Episode 9: STEM-ifying Your Home

STEM is an acronym that is heard across the country right now.  STEM stands for science, technology, engineering, and mathematics. According to the U. S. Department of Commerce, STEM occupations are growing at 17%, while other occupations are growing at 9.8%. STEM is important because science, engineering, technology, and math are in every part of our lives. Science is everywhere in the world around us. Technology is continuously expanding into every aspect of our lives. Engineering is the basic designs of roads and bridges, but also tackles the challenges of changing global weather and environmentally-friendly changes to our home. Mathematics is in every occupation, every activity we do in our lives. By exposing students to STEM and giving them opportunities to explore STEM-related concepts, they will develop a passion for it and possibly pursue a job in a STEM field.  In Episode 9, Amy Van Hoose talks to Sarah Phelps about how STEM is used in Triad classrooms and how you can create your own at-home STEM activities.


Sarah received her bachelor’s degree in elementary education from SIUE in 2008, and her master’s degree in Curriculum and Instruction from the University of Scranton in 2012.  She has taught for 10 years at Triad, eight in a 4th grade classroom at Henning, and the last two as the elementary computer science teacher for all four elementary schools. She spent one summer as a teacher of summer camps for the St. Louis Science Center, and has been the IMSA coordinator for Henning for the last eight years, as well. In 2014, she was awarded the Emerson Excellence in Teaching Award. STEM education is her passion, and she loves to see students having fun while learning! She gets a lot of ideas for her classroom from my husband who is an engineer and computer programmer and her three sons who all attend Triad schools. In her free time she loves cooking, reading, and running.


Where do you start?   What process do you use for creating an at home STEM activity?

  • Pick materials that you have lying around
  • Come up with a challenge, problem, or question that you want them to investigate further (check out our resources for ideas)
  • Allow your child to start to experiment, with very little guidance from you.
    • It’s okay if your child struggles.  Encourage them to look at it differently or try drawing or think aloud.
    • Ask “How else do you think you could approach this?”
    • If your child is still struggling, look online to see what other people have done.  Scientists often look for other expert opinions first.
  • Once your child has had time to struggle or has looked through resources, have them make their best attempt and realize that it may not work.  They might have to try again or try something different. They have to be open to revising and making something better.

Remember:  If everyone said it it was perfect when the telegraph was created and people stopped trying new things, you wouldn’t have your iPhone 10!

Where are some good places to start for beginners?

  • Make a boat with aluminum foil and pennies
  • Build towers with blocks or Legos.  Make it more difficult with newspapers and tape or cups.
  • Come up with solutions to problems you have around the house.  What could we design or build to contain our stuffed animals?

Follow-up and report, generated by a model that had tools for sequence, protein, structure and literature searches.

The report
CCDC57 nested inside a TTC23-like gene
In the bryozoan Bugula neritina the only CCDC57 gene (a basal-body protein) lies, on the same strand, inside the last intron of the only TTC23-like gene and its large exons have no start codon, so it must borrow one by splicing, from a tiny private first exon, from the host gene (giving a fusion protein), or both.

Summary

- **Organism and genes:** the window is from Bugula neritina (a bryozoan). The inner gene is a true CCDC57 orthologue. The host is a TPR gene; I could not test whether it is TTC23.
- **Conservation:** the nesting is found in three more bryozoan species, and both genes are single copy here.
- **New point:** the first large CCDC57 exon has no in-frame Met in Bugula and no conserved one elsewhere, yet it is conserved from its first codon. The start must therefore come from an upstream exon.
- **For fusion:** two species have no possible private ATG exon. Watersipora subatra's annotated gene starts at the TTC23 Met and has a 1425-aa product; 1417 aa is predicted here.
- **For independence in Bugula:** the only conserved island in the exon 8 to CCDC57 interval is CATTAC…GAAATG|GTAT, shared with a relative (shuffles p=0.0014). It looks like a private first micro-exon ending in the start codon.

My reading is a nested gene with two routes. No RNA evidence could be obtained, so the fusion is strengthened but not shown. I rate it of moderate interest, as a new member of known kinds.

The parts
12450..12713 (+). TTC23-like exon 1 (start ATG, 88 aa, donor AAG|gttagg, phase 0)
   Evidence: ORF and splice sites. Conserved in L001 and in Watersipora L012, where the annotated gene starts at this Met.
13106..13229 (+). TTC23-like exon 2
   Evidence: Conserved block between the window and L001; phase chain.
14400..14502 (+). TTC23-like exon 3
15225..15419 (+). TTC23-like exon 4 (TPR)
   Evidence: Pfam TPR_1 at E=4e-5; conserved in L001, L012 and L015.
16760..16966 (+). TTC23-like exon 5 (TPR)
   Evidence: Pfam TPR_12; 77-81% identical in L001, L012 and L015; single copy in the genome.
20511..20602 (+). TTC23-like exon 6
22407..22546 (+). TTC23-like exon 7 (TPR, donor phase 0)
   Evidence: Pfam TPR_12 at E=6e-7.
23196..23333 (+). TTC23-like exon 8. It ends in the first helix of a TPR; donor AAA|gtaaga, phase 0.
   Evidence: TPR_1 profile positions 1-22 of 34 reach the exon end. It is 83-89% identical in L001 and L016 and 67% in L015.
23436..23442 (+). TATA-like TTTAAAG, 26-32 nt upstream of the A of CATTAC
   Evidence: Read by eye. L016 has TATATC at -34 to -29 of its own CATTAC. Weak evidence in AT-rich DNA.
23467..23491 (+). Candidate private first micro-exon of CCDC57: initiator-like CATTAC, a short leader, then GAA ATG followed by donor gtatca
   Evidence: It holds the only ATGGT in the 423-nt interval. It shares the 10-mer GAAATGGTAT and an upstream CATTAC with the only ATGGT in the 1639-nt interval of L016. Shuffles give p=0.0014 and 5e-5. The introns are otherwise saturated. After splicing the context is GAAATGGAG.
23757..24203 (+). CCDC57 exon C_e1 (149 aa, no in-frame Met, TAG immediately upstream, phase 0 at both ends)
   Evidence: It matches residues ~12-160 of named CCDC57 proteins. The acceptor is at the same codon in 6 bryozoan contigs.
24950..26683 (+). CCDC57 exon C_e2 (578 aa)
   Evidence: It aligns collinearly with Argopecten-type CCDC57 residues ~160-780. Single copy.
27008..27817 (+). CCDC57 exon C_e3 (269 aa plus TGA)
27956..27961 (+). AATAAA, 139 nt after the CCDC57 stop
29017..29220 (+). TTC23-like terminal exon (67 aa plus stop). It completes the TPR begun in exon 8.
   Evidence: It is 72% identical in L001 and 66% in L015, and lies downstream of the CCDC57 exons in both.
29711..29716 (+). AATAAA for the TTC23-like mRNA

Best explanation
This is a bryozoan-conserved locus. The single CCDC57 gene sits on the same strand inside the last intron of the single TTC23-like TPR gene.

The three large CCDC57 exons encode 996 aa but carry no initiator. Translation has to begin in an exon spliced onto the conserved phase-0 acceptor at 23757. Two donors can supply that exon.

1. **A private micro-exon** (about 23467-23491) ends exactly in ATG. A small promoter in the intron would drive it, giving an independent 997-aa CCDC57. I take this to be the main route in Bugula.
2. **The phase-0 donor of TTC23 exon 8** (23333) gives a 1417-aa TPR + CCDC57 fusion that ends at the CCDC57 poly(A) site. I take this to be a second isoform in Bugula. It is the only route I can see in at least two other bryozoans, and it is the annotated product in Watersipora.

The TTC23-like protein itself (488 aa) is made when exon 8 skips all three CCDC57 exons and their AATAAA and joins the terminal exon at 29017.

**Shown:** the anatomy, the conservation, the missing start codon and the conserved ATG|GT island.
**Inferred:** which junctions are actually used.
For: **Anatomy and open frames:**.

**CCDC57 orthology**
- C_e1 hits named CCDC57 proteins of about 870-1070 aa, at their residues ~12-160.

• Create catapults with craft sticks and rubber bands or paper cups and balloons (marshmallows are great to launch).
  • Paper airplanes are easy to manipulate and see how you can make it go farther.
  • Investigate bubbles.  Make homemade bubble makers with pipe cleaners – does the shape affect the the bubble?
  • Go outside and journal.  What do you see? What do you smell?  How does it change? from day to day? What makes it change?
  • Garden with your kids.  Have them help plant and talk about seeds.  Investigate what plants need. Observe the soil.

Where are some good places to visit for at home science?

  • Pinterest has a ton of ideas.  Just search the word STEM and you will have more ideas than you know what to do with!
  • Follow STEM blogs, they have great information and are updated with new ideas.  We have included several in the resources.
  • Triad releases a STEM newsletter with information about what is done in class and ideas to use at home.  Check out our March Newsletter.

What is a Makerspace?

  • A Makerspace is a space where students are able to explore their interests and solve problems.  The area is filled with materials for kids to use to experiment and develop creative projects.
  • You can create a Makerspace at home.  All it takes is a variety of materials (noodles, pipe cleaners, glue, tape, paper, cereal boxes, magnets, paper clips..) and a space to keep the materials.  Here are some ideas for creating a Makerspace.
  • Triad is currently working on adding a Makerspace to their elementary buildings!

How about parents of our older students?  How can they encourage their kids?

  • Cooking has lots of science and math.  Watch episodes of Good Eats hosted by Alton Brown to see science, math, and cooking all connect.  Try your own recipes and experiment with the ingredients. How does the product change?  Why?
  • Let your child tear something that is broken apart and empower them to fix it.  Speakers, radios, toys, anything electronic….Investigate what failed and how it might be fixed.

Wired Science Blogs

Wired makes science fun. With articles from “The Physics of OK Go’s Epic New Zero-G Video” to “All the Volcanic Eruptions You Missed During the Super Bowl,” the site’s science blog makes STEM accessible and relevant. If you love sharp, smart content with fun twists, check out Wired.